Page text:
Altman philosophical about latest ‘obstacle’;Sports Columnist

Byline: George Schroeder The Register-Guard

A little more than three years ago, the bad news came in a

manila envelope, delivered as he stepped off the podium.

Dana Altman had just been introduced as the school’s new head

basketball coach. But after the

sudden and disturbing status update, he decided he’d rather go back


We don’t know how or when Altman got the news of Oregon’s


NCAA trouble. But you have to wonder

today if he’s feeling deja vu.

Like it’s Arkansas, all over again.

“Two totally different situations,” Altman said.

And they are, for a lot of reasons, but starting with this:

Altmanis committed to rebuilding the Oregon program. There’s no

going back.

But I bring up the past because suddenly, the job isn’t what he

thought he was signing up for; it’s just become a lot more


We don’t know what the NCAA will find as it combs through the

program’s recent past, from Michael Dunigan’s sudden departure for

an Israeli pro league to potential issues with other former


It might turn out to be nothing, though I doubt it. It could

turn into something big, and bad. Or something between. There’s no

way to know.

Which is why I feel for Altman.

Whatever happened at Oregon, let’s be clear on one point.

College hoops is a sordid business, and we should never be

surprised to hear of possible wrongdoing, but Altman has a

reputation as a straight arrow.

The Ducks’ new basketball coach isn’t a part of this


But he’ll deal with it anyway.

We already knew this would be a difficult transition.

The 2010-11 season has been written off as lost by many – though

not, we should note, by Altman.

He and his staff begin individual workouts today with nine

scholarship players. In a few days, they’ll conduct tryouts to find

some walk-ons to fill out the roster. In a few weeks, they’ll go

ahead and play the schedule.

“We’ll put the best team on the floor that we can,” he told me

Tuesday. “That hasn’t changed any.”

And it hasn’t changed because of the potential NCAA trouble.

Things were already bad, which is why someone suggested, in

light of the NCAA issues, that the school should self-impose a

postseason ban. Hey, maybe make it a three-year thing, retroactive

to the last two years. (On the bright side, though, at least there

aren’t very manywins to vacate.)

There’s not much funny about this mess, of course. Especially to


But it’s not the jokes that will hurt. Or probably even the

penalties, if and when they come.

It’s the whispers.

On Wednesday, the coach returned a call but declined comment.

It’sprobably exactly the right move.

He couldn’t say much of anything about the investigation. And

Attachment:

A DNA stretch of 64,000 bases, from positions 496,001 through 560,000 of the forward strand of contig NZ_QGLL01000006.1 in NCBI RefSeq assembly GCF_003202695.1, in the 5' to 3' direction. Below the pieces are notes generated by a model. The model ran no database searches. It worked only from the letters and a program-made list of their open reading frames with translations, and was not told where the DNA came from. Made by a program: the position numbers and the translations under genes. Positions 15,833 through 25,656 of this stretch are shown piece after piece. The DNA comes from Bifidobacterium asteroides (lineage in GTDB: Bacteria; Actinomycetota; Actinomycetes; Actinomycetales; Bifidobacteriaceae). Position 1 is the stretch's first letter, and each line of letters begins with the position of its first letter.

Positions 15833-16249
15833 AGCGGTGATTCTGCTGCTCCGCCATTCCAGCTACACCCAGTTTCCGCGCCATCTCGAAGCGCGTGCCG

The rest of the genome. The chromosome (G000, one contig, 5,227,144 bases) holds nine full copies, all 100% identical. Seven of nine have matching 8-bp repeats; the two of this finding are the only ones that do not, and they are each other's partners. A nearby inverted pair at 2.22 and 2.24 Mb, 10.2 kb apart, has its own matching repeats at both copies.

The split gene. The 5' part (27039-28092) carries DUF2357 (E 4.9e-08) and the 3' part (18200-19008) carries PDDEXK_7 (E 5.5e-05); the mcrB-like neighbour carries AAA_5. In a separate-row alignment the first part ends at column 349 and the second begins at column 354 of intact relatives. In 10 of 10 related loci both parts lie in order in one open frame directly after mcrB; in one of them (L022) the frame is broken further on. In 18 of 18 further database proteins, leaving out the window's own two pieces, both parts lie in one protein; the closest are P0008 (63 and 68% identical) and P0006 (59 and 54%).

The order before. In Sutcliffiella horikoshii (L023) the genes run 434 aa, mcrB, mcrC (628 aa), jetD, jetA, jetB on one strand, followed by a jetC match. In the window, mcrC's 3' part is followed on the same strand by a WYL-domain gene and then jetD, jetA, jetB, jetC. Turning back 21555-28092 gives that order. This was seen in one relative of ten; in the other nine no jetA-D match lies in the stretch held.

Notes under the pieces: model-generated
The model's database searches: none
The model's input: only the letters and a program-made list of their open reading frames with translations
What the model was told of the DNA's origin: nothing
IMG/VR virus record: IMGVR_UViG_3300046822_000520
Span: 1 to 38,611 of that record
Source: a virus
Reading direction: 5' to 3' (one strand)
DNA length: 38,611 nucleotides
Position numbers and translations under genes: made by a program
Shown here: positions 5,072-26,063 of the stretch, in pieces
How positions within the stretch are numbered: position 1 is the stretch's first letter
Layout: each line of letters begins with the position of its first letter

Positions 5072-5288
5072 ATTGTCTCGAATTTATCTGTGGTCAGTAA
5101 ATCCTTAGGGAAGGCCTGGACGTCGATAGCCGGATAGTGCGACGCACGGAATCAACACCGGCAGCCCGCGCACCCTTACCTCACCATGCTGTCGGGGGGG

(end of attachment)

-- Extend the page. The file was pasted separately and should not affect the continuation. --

anything he said about the bad spot he’s been put in might come off

as whining.

So I’ll say it.

On Tuesday, speaking in generalities about the entire situation

– the player defections, and the resulting limited roster – Altman

was philosophic.

“We’re all judged by how we overcome obstacles,” he said. “This

isjust an obstacle we’ll have to overcome.”

And how large is the obstacle now?

Altman was out of town when we spoke, both days.

September is a critical time for basketball coaches to visit

recruits in advance of the November early signing period. Given the

depleted roster, Oregon’s current recruiting has greater urgency

than usual.

So the head coach was visiting homes, talking with moms and

dads, making his pitch: immediate opportunity for playing time.

“I think we’ve got a lot to sell,” he said. “We’ve just got to

do a good job selling it.”

But Altman is already hearing from parents who want to know

what’sgoing on with the NCAA.

That’s not going away until the NCAA finishes up (and we’ve all

seen, haven’t we, how that can take a while ). Until then, coaching

rivals will whisper warnings to kids and their parents, and there’s

no way Altman can provide satisfactory answers.

It’s not just another obstacle. It’s a roadblock.

Suddenly, it feels like Altman’s rebuilding job might take a lot

longer – and that’s without considering any sanctions that might

result from the whole mess.

Oregon appears to have acted quickly, asked the right questions,

then forwarded the information to the Pac-10 (and from there, to

the NCAA). Good. Cooperation is the only right course, anytime

there’s potential wrongdoing.

But given the challenges ahead of Altman, including the immense

pressure to produce a big winner that will fill seats in the new

arena,the school has an even bigger obligation to keep digging, and

then deal with any rule violations.

The new coach deserves the very best chance to succeed. Because

he’s committed, and there’s no going back.

E-mail Follow at